problem with evaluation systems in the 1994 to 1999 CSF was the absence of a shared, common understanding of the purpose of evaluation, with significant differences evident in the focus or emphasis of evaluation work across different operational programmes. The approach encapsulated in the 5 key evaluation questions emerged from a review of evaluation literature as well as drawing on previous CSF-level evaluation work carried out in Ireland. The influence of earlier ESRI work – with its emphasis on the importance of justifying investment by reference to clear market failures - is apparent from the inclusion of the question of rationale in the evaluation approach. The other evaluation questions of relevance (i.e., what are the implications of external developments for the programme?), effectiveness (i.e., is the programme meeting its objectives?), efficiency (i.e., are programme benefits commensurate with costs?) and impact (i.e., what are the net socio-economic effects of the intervention?) will be familiar to evaluation practitioners and are implicit in the evaluation provisions of the Structural Fund regulations. In terms of implementing this approach over the programme cycle, it is recognised that the emphasis to be given to the different questions will vary depending on the stage at which a particular evaluation is being undertaken. This is recognised in the CSF which states that “The emphasis in any individual evaluation, will however, depend on the specific circumstances, including the breadth of focus proposed, the point in the programme cycle at which evaluation occurs, timing constraints, and possible need to examine particular issues.” In operational terms, the evaluation approach is being implemented over the programme cycle as follows:   At the ex-ante evaluation stage, the emphasis of the evaluations carried out (see below) was on the question of rationale; The focus of interim evaluation (including the mid-term evaluation as well as other pre mid-term interim evaluation work) is on issues around programme relevance, effectiveness and, to a lesser extent, efficiency and impact (in that order). Post mid-term, the intention is to concentrate evaluation work on the questions of programme efficiency and impact.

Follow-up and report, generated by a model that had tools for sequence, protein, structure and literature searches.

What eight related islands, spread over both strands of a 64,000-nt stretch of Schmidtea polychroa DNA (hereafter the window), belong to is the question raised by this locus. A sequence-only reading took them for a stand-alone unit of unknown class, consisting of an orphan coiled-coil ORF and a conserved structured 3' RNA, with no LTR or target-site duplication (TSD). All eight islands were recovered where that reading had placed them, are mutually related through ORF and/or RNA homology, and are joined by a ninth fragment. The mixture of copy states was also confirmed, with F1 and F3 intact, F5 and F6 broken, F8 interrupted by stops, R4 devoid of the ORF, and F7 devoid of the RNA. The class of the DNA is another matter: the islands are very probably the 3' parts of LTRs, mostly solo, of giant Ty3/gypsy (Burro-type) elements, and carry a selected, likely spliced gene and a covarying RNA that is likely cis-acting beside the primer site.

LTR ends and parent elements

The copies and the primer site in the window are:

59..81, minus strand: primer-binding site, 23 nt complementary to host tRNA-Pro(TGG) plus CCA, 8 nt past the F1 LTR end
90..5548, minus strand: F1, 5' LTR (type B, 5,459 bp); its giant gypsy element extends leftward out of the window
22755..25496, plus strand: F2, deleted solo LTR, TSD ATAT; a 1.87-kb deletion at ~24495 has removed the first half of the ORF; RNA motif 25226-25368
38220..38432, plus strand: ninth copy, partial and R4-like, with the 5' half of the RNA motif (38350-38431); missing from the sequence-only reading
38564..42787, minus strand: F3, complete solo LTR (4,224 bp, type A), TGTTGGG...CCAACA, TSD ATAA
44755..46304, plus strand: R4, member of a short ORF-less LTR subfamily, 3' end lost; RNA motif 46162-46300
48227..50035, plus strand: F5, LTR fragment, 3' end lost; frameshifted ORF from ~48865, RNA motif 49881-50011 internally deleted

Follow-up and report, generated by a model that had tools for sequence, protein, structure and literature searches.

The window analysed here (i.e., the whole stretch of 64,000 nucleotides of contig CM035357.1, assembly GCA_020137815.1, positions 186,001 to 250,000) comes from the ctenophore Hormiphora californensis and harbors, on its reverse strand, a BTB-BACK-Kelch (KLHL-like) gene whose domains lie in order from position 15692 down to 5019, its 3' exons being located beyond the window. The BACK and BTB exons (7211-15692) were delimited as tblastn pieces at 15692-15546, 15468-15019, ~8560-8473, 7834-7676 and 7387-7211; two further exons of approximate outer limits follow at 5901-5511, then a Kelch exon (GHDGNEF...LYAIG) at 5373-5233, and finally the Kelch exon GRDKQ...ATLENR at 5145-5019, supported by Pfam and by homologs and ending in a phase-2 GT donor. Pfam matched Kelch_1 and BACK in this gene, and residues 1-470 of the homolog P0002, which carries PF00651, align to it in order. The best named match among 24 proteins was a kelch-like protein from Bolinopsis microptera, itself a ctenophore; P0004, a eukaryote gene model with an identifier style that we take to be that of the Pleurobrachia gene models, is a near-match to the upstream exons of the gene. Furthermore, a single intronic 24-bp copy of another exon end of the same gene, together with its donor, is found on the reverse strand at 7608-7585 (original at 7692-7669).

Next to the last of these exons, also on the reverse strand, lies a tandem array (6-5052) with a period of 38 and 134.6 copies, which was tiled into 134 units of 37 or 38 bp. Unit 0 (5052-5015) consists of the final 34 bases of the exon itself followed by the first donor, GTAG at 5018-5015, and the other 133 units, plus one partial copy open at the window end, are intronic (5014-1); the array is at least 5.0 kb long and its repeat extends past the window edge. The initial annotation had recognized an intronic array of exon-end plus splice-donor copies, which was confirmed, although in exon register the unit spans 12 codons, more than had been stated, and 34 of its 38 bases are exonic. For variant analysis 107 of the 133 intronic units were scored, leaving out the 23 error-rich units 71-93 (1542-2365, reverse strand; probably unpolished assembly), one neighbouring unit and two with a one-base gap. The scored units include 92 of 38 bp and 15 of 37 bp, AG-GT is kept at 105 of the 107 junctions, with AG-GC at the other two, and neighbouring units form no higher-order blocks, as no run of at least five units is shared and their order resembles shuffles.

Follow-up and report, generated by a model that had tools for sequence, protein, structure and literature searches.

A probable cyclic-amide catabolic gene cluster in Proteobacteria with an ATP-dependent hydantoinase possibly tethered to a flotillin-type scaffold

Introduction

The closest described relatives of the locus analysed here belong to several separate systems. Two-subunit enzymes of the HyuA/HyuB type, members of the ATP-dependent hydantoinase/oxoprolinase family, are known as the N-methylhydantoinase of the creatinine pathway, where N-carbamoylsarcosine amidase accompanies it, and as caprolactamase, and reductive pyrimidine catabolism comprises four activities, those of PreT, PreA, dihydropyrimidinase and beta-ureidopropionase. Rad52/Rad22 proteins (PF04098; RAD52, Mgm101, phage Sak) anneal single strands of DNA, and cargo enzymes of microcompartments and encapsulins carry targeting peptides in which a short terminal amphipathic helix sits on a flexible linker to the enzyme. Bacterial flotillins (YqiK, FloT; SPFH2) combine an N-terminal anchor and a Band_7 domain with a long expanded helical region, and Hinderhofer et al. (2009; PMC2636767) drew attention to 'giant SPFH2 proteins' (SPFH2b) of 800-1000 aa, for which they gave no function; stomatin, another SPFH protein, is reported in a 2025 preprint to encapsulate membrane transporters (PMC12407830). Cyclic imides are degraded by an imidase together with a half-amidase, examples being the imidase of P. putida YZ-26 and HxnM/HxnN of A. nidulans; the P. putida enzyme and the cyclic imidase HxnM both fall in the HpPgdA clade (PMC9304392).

The adoption of this evaluation approach has provided a valuable “anchor” for the NDP/CSF evaluation process. In particular, the adoption and communication of this schema has helped create a greater awareness and understanding of the purpose and focus of evaluation work among programme managers and other stakeholders. The key evaluation questions underpin both the design of evaluation work programmes and terms of reference for individual evaluation projects. For example, the terms of reference for the mid-term evaluations at OP and NDP/CSF level explicitly formulate the evaluation objectives in terms of the questions of programme effectiveness and relevance. 4.2.2 Ex-Ante Evaluation As outlined earlier, the ex-ante evaluation of the current NDP/CSF was organised in two stages, with an initial assessment of investment needs followed by a formal ex-ante